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February 14, 2018

27 Things We Learned from the ‘My Bloody Valentine 3D’ Commentary

“We know she’s gonna end up in the dryer.”

It’s Valentine’s Day (unless you’re reading this after February 14th in which case you can ignore this sentence), so picking this week’s Commentary was something of a no-brainer. 1981’s My Bloody Valentine is a solid little Canadian slasher with a memorable killer, but 2009’s remake ups the ante on the visual front at every turn with gory kills, an unusually long nude scene, and 3D shenanigans. It’s a fun watch and worth revisiting for Valentine’s Day.

Keep reading to see what I heard on the My Bloody Valentine 3D commentary.

My Bloody Valentine 3D (2009)

Commentators: Patrick Lussier (director) and Todd Farmer (co-writer/actor)

1. Farmer introduces himself as having written “part of this movie,” to which Lussier replies “you wrote all the best parts of this movie.”

2. The opening newspaper intro offers backstory in an interesting, 3D way, but it also offered the opportunity to toss in names of friends and family including Farmer’s wife Melanie and Lussier’s son Devin. Farmer jokingly laments how fast the newspapers move across the screen knowing how long it took him to write the copy.

3. The film was shot just north of Pittsburgh, PA.

4. They actually shot Harry Warden (Richard Walters) attacking the nurse in the opening hospital scene but decided it works better simply seeing him rise from the hospital bed. Plus the next scene shows an abundance of carnage in the hospital’s hallways, so it wasn’t needed.

5. It was suggested to Lussier by author Tom Piccirilli that Tom Atkins should play a role in the film, and conveniently, Atkins lived in Pittsburgh at the time of production. Once he agreed the role of Sheriff Burke was beefed up and given a longer life before finally catching the wrong end of Harry’s axe.

6. The hospital slaughter was filmed in a real hospital, but while they received approval to put blood on the walls for the shoot “I don’t think they understood quite how much we were going to do.” Hospital staff arrived the next morning only to respond with “what the fuck happened here?” They apparently had to bring in an actual crime scene clean-up crew to erase it all. “They thought it was quite funny as the blood is made with maple syrup and has this smell of a pancake house from hell.”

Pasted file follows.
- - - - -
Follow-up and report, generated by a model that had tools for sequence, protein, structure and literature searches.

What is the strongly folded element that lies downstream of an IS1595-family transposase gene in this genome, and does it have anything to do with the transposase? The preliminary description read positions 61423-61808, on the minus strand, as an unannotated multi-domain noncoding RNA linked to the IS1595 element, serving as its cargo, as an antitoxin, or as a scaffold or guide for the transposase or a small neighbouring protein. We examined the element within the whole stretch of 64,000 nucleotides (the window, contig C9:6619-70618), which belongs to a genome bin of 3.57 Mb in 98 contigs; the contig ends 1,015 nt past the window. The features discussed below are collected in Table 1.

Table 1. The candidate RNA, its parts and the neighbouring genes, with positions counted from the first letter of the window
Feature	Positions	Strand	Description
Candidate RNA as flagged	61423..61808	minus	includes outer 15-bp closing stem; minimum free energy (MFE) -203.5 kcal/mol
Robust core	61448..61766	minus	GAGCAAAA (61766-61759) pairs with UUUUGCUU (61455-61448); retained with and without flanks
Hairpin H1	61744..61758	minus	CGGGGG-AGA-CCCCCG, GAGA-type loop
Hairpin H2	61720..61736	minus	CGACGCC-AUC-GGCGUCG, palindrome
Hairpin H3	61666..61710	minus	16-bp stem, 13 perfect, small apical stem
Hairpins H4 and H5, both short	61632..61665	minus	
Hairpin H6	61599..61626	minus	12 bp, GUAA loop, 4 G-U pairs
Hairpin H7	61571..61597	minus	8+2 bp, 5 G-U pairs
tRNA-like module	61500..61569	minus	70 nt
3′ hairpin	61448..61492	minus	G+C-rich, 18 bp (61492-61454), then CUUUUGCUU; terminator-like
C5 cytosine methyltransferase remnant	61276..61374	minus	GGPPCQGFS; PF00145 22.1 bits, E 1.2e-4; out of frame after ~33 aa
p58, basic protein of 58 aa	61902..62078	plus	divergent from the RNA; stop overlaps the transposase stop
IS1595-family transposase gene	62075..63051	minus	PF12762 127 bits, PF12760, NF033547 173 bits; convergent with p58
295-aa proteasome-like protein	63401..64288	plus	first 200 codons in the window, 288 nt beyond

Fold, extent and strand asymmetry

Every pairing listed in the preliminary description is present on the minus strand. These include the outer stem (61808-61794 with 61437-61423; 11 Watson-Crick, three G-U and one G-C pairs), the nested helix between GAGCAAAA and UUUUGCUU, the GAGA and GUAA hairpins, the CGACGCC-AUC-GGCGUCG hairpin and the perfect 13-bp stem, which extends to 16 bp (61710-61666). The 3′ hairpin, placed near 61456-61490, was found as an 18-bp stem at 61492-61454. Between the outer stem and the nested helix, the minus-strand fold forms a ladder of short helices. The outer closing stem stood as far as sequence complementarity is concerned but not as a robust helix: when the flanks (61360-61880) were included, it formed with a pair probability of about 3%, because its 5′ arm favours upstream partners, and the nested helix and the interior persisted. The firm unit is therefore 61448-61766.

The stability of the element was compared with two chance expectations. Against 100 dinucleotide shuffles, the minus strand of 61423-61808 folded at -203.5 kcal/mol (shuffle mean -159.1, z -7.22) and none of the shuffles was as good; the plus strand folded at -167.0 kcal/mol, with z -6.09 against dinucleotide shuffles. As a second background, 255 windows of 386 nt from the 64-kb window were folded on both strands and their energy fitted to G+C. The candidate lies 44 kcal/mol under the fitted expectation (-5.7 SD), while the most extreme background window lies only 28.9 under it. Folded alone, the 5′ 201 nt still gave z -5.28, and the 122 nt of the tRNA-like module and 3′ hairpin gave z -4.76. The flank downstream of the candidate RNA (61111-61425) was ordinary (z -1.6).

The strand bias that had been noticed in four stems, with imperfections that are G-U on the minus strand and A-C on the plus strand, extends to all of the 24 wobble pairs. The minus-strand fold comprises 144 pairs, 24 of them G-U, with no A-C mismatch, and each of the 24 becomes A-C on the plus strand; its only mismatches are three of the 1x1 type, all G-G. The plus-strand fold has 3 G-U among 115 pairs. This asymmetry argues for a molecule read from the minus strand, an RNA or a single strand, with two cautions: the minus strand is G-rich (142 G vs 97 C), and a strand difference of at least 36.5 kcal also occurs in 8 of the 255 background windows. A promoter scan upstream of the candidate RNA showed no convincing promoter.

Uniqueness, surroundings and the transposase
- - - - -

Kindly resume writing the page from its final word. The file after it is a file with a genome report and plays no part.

7. The studio (Lionsgate) expressed doubts over the effectiveness of the first “scare” as they didn’t see how hitting someone in the back of the head would matter in 3D. Lussier suggested they wait until they see it as he had a 3D component planned. Tom Jane watched it the night before the commentary was recorded, and “he just screamed, just screamed.”

16. Sarah’s (Jaime King) son is played by her actual nephew.

17. There are numerous clues throughout as to the killer’s identity, but the biggest arrive during the scene where Tom is locked in the cage. There’s a gas mask, a pick head and handle, and then the dead giveaway as we get the two shot featuring Tom and the miner almost as mirror reflections on either side of the cage at 42:53.

18. The hatch in the woods that leads down into the mine is based on real escape hatches and is in no way an homage to Lost.

19. The door to the mine wouldn’t stay closed, so they just wrote it into the scene at 53:45. It works beautifully as a suspense beat but also as a nod to Tom’s psyche creaking open.

20. Harry’s miner mask is actually a Russian gas mask.

21. They filmed in real mines with ceilings typically maxing out around six feet high.

22. Lussier acknowledges the possible “flaw” of having Sarah hit the alarm button only after the miner takes Megan (Megan Boone). It’s a legit gripe, but it’s a minor one in the scheme of things knowing that she was panicked at the thought of a killer swinging a pick axe towards her.

23. No, that’s not Megan’s unborn fetus in the candy box between her dead and bloodied legs. It’s her heart. “We’re not that bad.”

24. Farmer’s second cameo is voice-only as part of the cartoon that Sarah’s son is watching. The brief glimpse of the cartoon is public domain animation as no “real” cartoon would sign off on appearing in the film.

25. The fight between Tom and Axel (Kerr Smith) was done without any stunt guys or stand-ins. “The stunt guys just weren’t as good fighters as Jensen and Kerr.”

26. They had shot the miner coming down the tunnel smashing the light bulbs specifically for the trailer as they of course couldn’t show Tom doing it in the marketing, but when Lussier was editing he had the cool idea to edit flashes of the miner into the action. It looks terrific.

27. The post-credits shot of the miner looking down toward the camera and swinging the axe was shot for an alternate ending where Tom lays trapped in the rubble and looks up to see the approaching miner.

Best in Context-Free Commentary

“The killer’s hidden in plain sight the entire time.”

“You have to watch the movie six times before you notice I’m naked.”

“Tom has the ability to be a major dick.”

“Oh my god the cute guy’s crazy.”

Buy My Bloody Valentine 3D on Blu-ray from Amazon.

Final Thoughts

My Bloody Valentine 3D is a fun slasher romp, and the commentary offers both information and anecdotes. Lussier and Farmer are clear fans of the genre and engaging speakers on the film’s production and their overall enthusiasm for horror.

Read more Commentary Commentary from the archives.

Read more from Film School Rejects